Aviation News Journal
From the Editor
In this edition of
Aviation News Journal
, we experience airshow fever with a quick look at the upcoming EAA AirVenture in Oshkosh, which will be held in Wisconsin next month. At the same time, we also reflect back on 2018, which was the most recent edition of the convention we attended.
While it is unlikely that the ANJ team will be attending the AirVenture this year, we are planning to have correspondents in at least three airshows in Alberta, in addition to ones in Ontario, Quebec and British Columbia. We are looking forward to bringing you as many high-quality photographs and video footage as possible from these events.
Meanwhile, our team has already begun work on the July and August editions, which will have quite a few exciting articles and interviews.
Until next time,
The Special Olympics Airlift Event
Text and photography courtesy of Textron Aviation
On June 4, more than 120 Textron Aviation aircraft departed from 28 states across the United States and landed at Orlando Executive Airport with Special Olympics athletes and coaches aboard.
Participating aircraft, referred to as ‘Doves’ by the Federal Aviation Administration (FAA) while flying in the Airlift, had priority in the National Airspace System, and landed and took off every three minutes for about eight hours in Orlando, as they brought teams to participate in the 2022 Special Olympics USA Games.
This is the eighth time Textron Aviation has convened the Special Olympics Airlift. Since the first airlift in 1987, more than 10,000 athletes and coaches from across the United States have been transported to Special Olympics World Games and USA Games.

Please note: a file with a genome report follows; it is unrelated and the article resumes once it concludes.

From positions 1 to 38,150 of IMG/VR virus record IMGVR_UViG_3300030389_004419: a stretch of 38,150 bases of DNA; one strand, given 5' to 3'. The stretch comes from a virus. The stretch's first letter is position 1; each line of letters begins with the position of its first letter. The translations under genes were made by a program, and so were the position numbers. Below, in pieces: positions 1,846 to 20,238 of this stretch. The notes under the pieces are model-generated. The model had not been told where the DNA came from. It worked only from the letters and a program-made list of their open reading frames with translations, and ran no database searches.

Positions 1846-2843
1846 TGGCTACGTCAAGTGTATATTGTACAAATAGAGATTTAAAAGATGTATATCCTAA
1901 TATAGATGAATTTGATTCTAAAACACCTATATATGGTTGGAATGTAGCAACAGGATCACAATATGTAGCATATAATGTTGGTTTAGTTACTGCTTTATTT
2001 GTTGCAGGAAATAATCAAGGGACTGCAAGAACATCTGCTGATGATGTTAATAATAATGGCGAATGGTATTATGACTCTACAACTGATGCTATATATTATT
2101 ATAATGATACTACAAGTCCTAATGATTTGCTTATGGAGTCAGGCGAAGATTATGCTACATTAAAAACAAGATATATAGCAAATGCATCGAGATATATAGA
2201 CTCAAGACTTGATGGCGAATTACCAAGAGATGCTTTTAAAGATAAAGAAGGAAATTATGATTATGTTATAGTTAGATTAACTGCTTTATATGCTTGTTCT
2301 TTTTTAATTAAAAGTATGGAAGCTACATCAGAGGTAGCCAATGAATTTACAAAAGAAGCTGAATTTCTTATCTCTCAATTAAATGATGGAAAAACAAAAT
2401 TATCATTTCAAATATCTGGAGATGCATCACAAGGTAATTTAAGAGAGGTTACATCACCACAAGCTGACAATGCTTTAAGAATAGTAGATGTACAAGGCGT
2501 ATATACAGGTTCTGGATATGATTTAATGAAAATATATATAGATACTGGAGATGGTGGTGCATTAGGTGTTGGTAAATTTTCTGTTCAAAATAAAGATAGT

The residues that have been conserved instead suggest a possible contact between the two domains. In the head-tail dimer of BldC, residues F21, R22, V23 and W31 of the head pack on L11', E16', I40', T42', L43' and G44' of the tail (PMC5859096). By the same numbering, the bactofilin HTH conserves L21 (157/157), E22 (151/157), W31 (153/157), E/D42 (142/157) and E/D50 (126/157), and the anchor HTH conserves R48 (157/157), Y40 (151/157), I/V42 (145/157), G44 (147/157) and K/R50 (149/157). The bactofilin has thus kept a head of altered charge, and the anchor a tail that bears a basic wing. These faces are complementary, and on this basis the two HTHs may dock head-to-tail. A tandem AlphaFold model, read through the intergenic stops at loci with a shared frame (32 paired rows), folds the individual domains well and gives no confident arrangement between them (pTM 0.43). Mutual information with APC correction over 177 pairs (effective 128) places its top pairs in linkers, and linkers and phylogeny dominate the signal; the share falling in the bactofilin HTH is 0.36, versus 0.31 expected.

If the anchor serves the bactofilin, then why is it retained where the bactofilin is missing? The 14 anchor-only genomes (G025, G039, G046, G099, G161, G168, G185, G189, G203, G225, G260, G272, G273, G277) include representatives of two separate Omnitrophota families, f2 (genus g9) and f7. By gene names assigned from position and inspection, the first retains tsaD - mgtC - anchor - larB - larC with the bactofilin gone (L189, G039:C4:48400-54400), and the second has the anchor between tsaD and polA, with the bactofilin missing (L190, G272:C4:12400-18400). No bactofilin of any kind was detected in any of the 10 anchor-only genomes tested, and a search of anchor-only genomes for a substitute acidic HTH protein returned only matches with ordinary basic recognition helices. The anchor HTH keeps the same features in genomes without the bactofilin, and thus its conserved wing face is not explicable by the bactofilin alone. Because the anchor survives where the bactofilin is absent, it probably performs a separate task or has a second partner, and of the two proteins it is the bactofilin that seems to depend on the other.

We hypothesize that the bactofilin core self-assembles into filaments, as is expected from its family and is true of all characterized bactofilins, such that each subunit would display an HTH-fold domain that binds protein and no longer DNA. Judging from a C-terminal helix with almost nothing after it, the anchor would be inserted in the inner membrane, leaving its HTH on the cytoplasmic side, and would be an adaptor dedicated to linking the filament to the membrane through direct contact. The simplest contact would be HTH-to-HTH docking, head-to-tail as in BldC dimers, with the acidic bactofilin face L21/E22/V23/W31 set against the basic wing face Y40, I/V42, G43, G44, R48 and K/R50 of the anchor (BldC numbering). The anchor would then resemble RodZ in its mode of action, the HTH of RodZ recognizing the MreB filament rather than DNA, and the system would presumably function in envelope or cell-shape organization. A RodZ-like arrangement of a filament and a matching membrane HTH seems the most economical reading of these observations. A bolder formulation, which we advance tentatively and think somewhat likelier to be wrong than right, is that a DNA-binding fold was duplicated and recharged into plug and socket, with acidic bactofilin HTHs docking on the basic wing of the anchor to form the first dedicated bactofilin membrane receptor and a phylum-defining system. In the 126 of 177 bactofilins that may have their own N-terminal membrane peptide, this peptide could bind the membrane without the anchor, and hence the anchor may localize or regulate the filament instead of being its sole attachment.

June 4 was the culmination of more than a year of planning by hundreds of individuals at Textron Aviation, Special Olympics, the FAA, Orlando Executive Airport, Atlantic Aviation and many of the event’s vendors and sponsors. More than 120 Cessna Citation, Beechjet and Hawker business jets, as well as Beechcraft King Air turboprop aircraft owners, donated the use of their aircraft, pilots and fuel to transport more than 800 passengers to the Games.
“This is an extraordinary experience for everyone involved and provides an impressive visual of the power of general aviation as well as the philanthropic side of the aviation industry,” said Ron Draper, president and CEO, Textron Aviation. “The ultimate mission of the Special Olympics Airlift is to make sure all the athletes who are invited to participate at the national level are able to get to the Games. Travel is the biggest expense for Special Olympics programs, and for many athletes this is their first time leaving their home state. Through this once-in-a-lifetime private aviation experience, they are able to travel with their teammates and their gear, and they arrive rested and ready to compete.”
“We do this for the athletes," said Draper, “It’s special to provide them air transportation here – it’s really special to see the high fives and smiles.”